BlueCross BlueShield of Tennessee Medical Policy Manual

Percutaneous Electrical Nerve Stimulation (PENS) and Percutaneous Neuromodulation Therapy (PNT)

DESCRIPTION

Percutaneous electrical nerve stimulation (PENS) is an electronic stimulus generator that transmits electrical impulses of various configurations to a needle electrode that is inserted just below the skin for the purpose of pain management.

Needle electrodes are inserted either around or immediately adjacent to the nerves serving the painful area and then stimulated. PENS is generally reserved for patients who fail to get pain relief from TENS possibly due to physical barriers (e.g., scar tissue, obesity) to the conduction of electrical stimulus. PENS units, which are usually battery operated, have been used to relieve chronic intractable pain, post-surgical pain and pain associated with traumatic injuries unresponsive to other standard pain therapies. The mechanism of action is unknown, but it is purported that the electrical pulses block the transmission of pain to nerve fibers or may stimulate the release of endorphins or serotonin.

Percutaneous neuromodulation therapy (PNT) is a variant of PENS in which fine filament electrodes are temporarily placed at specific anatomic landmarks in the deep tissues near the area of the spine that is causing pain (with or without radiating lower extremity pain). Treatment regimens consist of 30-minute sessions, once or twice a week for 8 to 10 sessions.

POLICY

See also:

IMPORTANT REMINDERS

ADDITIONAL INFORMATION

A search of the peer-reviewed literature was performed through November 2011. There is a scarcity of current literature on the use of PENS or its effectiveness as a means of pain control.

SOURCES

American College of Occupational and Environmental Medicine. Occupational medicine practice and management of common health problemsand functional recovery in workers. Chronic pain. Retrieved December 12, 2011 from http://www.guideline.gov.

American Society of Anesthesiologists Task Force on Chronic Pain Management; American Society of Regional Anesthesia and Pain Medicine. Practice guidelines for chronic pain management: An updated report by the American Society of Anesthesiologists Task Force on Chronic Pain Management and the American Society of Regional Anesthesia and Pain Medicine, Anesthesiology 2010; 112 (4), 810-833.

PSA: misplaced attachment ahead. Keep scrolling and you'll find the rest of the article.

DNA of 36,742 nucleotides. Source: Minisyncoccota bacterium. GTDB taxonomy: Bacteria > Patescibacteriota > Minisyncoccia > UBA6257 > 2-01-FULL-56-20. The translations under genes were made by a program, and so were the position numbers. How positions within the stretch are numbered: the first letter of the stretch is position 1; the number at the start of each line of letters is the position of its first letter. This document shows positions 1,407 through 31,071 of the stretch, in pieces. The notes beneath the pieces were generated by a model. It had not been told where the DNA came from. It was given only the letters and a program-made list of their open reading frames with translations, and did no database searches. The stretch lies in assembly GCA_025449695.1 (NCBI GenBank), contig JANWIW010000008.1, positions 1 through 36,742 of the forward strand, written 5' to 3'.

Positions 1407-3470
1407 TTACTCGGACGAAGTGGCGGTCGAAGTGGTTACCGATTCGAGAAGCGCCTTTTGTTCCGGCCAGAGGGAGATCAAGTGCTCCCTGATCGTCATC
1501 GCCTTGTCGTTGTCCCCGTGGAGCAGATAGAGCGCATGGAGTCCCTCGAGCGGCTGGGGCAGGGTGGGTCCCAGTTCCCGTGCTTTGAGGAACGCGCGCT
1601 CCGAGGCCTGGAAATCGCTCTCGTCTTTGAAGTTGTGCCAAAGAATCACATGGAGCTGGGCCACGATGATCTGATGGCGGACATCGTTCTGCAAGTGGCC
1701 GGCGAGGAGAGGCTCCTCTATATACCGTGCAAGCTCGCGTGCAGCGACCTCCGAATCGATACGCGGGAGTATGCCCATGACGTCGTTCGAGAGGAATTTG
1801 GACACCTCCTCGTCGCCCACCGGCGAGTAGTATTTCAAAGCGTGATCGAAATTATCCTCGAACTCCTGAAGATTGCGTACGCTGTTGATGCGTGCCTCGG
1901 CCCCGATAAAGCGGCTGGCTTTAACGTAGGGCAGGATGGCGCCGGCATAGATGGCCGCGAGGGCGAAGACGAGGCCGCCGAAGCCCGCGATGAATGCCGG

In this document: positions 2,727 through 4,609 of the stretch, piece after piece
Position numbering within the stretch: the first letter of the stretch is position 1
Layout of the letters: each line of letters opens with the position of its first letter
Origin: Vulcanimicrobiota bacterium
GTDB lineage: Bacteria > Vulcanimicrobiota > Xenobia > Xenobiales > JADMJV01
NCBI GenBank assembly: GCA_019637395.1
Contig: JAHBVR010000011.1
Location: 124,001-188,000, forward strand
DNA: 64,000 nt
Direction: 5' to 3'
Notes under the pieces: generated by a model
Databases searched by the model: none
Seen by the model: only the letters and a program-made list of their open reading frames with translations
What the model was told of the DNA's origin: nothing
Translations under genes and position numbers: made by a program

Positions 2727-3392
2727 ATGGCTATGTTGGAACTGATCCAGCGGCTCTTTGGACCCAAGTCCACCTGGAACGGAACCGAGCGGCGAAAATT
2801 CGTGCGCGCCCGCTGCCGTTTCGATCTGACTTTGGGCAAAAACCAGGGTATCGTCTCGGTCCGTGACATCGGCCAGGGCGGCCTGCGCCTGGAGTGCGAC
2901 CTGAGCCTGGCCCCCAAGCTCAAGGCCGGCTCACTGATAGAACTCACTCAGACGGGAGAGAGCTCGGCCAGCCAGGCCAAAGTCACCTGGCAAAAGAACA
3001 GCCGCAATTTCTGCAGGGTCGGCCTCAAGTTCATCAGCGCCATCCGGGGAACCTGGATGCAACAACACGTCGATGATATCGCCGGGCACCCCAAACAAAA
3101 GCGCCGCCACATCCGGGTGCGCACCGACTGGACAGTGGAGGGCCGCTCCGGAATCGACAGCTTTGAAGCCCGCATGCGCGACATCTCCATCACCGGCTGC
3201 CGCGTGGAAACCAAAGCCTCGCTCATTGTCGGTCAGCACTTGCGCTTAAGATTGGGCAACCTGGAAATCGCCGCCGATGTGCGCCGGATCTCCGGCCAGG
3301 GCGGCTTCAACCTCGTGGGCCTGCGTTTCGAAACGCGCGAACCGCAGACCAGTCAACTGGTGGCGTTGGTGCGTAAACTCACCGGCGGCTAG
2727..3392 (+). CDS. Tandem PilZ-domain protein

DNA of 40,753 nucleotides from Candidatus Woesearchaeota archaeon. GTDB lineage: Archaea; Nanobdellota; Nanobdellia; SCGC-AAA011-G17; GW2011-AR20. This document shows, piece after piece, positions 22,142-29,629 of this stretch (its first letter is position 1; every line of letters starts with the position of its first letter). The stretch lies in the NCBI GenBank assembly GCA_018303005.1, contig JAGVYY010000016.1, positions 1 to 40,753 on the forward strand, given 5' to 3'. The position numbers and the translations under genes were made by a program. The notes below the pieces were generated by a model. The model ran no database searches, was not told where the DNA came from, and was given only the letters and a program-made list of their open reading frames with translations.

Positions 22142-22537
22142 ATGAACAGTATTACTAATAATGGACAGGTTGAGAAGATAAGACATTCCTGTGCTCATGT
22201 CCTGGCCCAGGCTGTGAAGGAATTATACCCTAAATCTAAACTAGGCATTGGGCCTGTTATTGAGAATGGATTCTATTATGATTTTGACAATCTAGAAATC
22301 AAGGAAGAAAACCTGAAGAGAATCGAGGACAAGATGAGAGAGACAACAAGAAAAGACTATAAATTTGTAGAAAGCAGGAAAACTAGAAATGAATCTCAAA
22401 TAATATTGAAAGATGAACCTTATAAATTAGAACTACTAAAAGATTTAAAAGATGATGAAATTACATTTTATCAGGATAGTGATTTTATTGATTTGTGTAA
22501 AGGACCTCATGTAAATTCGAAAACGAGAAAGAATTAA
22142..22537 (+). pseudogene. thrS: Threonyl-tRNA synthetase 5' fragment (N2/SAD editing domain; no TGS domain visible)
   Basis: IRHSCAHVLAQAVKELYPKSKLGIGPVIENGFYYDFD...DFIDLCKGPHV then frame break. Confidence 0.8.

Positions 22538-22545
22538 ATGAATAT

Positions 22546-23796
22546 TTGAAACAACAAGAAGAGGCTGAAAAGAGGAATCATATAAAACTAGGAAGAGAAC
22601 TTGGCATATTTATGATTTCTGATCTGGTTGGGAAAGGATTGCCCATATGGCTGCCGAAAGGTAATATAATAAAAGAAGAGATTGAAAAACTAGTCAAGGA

BlueCross BlueShield Association, Medical Policy Reference Manual. (8:2011). Percutaneous electrical nerve stimulation (PENS) or percutaneous neuromodulation therapy (7.01.29). Retrieved November 9, 2011 from BlueWeb. (18 articles and/or guidelines reviewed)

Bril, V., England, J., Franklin, G., Backonja, M., Cohen, J., DelToro, D., et al. (2011). Evidence-based guideline: treatment of painful diabetic neuropathy- Report of the American Association of Neuromuscular and Electrodiagnostic Medicine, The American Academy of Neurology, and The American Academy of Physical Medicine & Rehabilitation. Muscle Nerve, 43 (6), 910-917.

Chou, R., Qaseem, A., Snow, V., Casey, D., Cross, T., Shekelle, P., et al. (2007). Diagnosis and treatment of low back pain: A joint clinical practice guideline from The American College of Physicians and the American Pain Society. Annals of Internal Medicine, 147 (7), 478 - 491.

Complete Guide to Medicare Coverage Issues. (2011, November). Assessing patients suitability for electrical nerve stimulation therapy (NDC 160.7.1, p. 2-79 - 2-90). Ingenix.

Hamza, M., A, White, P., F., Craig, W. F., Ghoname, E. A., Ahmed, H. E., Proctor, T. J., et al. (2000). Percutaneous electrical nerve stimulation: A novel analgesic therapy for diabetic neuropathic pain. Diabetes Care, 23 (3), 365-370. (Level 4 Evidence - Independent Study)

TheTechnology Evaluation Center. (1997, January). Transcutaneous or percutaneous electrical nerve stimulation in the treatment of chronic and postoperative pain. (Vol. 1, No. 21). Chicago: BlueCross BlueShield Association.

Weiner, D., Perera, S., Rudy, T., Glick, R., Shenoy, S.,. & Delitto, A. (2008) Efficacy of percutaneous electrical nerve stimulation and therapeutic exercises for older adults with chronic low back pain: A randomized control trial. Pain, 140 (2), 344-357. (Level 2 Evidence - Independent Study)

ORIGINAL EFFECTIVE DATE:  3/1980

MOST RECENT REVIEW DATE:  4/13/2012

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